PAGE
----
When pupils are excluded from school we already know their life chances are significantly reduced. Sixty per cent of the prison population were permanently excluded, less than 1 per cent go on to get five “good” GCSEs and one in two permanently excluded pupils have a recognised mental health need.
Earlier this week I spent some time playing tennis with a KS3 pupil – he was pretty good, having never picked up a racquet before joining us at City of Birmingham School (COBS) a few months ago. Later that day I was privileged to be in the room when he was told we have secured him a place in a mainstream school. He was so happy he cried and so did staff members.
The interesting thing about that pupil, and every pupil who comes through our doors at COBS, is the transformative nature of physical activity in his time with us.
We have a high-quality academic curriculum. Our KS4 pupils study a range of GCSEs alongside some vocational qualifications and we have high expectations of all of our pupils and of their outcomes. We are incredibly ambitious for all of our pupils but we want them to leave our school with more than just excellent outcomes. We achieve this by providing all of our pupils with new and enriching opportunities that other children get at home. Ultimately, we take a whole-life approach to our pupils, taking into consideration their social environment and physical and mental health.
We would never try and hide the fact that our pupils can and do display some extremely challenging behaviours, but the benefits of physical activity to our young people are unequivocally positive. The vital role of improving physical health goes without saying, however, the impact physical activity can and does have on mental health is also stark.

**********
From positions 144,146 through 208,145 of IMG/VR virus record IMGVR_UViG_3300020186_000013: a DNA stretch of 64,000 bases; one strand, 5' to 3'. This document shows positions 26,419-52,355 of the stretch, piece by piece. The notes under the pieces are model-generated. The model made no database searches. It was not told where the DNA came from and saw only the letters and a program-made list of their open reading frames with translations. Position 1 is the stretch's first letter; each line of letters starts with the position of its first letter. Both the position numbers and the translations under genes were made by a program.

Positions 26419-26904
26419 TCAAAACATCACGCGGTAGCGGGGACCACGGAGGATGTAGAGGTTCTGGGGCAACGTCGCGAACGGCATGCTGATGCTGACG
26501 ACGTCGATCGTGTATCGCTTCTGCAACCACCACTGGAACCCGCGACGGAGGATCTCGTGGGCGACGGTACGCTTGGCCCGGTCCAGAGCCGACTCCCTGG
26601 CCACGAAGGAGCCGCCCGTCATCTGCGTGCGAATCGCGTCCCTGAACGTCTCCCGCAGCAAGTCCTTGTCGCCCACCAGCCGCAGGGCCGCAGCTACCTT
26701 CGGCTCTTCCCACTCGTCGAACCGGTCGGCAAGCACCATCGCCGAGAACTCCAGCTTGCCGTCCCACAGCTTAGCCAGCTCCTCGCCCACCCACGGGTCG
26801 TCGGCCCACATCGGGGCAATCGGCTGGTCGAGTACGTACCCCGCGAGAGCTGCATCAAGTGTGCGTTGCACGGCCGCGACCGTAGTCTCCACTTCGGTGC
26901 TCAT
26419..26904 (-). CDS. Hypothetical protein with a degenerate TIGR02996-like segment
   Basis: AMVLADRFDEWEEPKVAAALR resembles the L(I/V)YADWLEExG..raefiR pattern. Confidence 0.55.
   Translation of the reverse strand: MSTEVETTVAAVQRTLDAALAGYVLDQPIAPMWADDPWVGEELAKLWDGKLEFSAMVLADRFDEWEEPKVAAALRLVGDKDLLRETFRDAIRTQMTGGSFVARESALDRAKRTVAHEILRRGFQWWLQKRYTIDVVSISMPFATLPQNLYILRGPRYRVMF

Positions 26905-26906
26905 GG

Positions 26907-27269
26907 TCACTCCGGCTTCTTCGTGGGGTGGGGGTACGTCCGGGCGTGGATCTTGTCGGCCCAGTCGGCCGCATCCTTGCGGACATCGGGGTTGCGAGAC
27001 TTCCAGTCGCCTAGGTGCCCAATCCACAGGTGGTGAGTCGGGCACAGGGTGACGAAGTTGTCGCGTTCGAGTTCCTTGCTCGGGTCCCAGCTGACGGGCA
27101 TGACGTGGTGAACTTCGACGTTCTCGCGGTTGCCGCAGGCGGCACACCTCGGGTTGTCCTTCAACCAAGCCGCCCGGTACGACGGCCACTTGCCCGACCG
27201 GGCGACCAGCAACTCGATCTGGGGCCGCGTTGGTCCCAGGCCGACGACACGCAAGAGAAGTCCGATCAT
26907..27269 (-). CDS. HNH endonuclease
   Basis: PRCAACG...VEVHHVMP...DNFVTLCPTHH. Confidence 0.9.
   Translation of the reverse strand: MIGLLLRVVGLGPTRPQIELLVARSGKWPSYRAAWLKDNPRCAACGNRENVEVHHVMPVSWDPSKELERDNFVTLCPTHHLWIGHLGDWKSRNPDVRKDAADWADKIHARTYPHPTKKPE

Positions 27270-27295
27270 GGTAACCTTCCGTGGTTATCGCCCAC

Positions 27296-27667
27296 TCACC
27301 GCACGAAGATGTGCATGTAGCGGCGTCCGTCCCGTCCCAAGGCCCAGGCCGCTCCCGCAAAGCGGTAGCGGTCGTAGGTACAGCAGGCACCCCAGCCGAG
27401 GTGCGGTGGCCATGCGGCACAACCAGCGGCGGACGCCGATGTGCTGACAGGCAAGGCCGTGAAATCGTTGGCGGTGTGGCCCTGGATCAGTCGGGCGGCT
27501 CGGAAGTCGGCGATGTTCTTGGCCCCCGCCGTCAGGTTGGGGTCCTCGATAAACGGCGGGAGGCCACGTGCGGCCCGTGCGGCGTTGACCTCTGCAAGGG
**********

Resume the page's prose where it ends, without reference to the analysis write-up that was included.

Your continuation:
Pupils who have multiple adverse childhood experiences (ACES), live in the glare of social media and societal pressures. Taking part in a new sport or exercise offers them a sense of release and achievement. Pupils become more tolerant, develop teamwork skills, grow in confidence and step out of their comfort zones on a regular basis. They experience real and individual success. The importance of this for our pupils cannot be understated – we need pupils to be “world ready" – and all of these skills will be absolutely key.
In October we launched a partnership with Dallaglio Rugby Works in collaboration with not-for-profit health body ukactive. The charity works, through rugby coaching, with pupils outside of mainstream school. The aim of the programme is long-term skills development in order to get young people into sustained education, employment or training.
A number of our pupils are already benefiting from this programme and we are seeing an impact. The coaches are ex-players, such as the Tongan International Rugby Player Aleki Lutui, and command a different level of respect from pupils – they are important role models for our pupils. Attendance is up amongst these pupils and we expect academic progress will be increased too. Anecdotally we know pupils’ concentration is better, their engagement is improved and their focus on their own future is channelled towards something exciting: hope.
Pupils in AP and PRUs deserve the absolute best and it is incumbent upon us to provide that for them. This isn’t some kind of reward system for perceived poor behaviour, it’s an approach that builds character and resilience in vulnerable young people and one that we see working already. Pupils in a PRU have already had the ultimate sanction that education can dole out to them in being excluded; we see our role as showing them there is a different way.
With an open mind and flexible approach, alternative provision can be just that, a truly alternative model where disenfranchised young people find their place in the system and the wider world.
Steve Howell is the headteacher of the City of Birmingham School (COBS)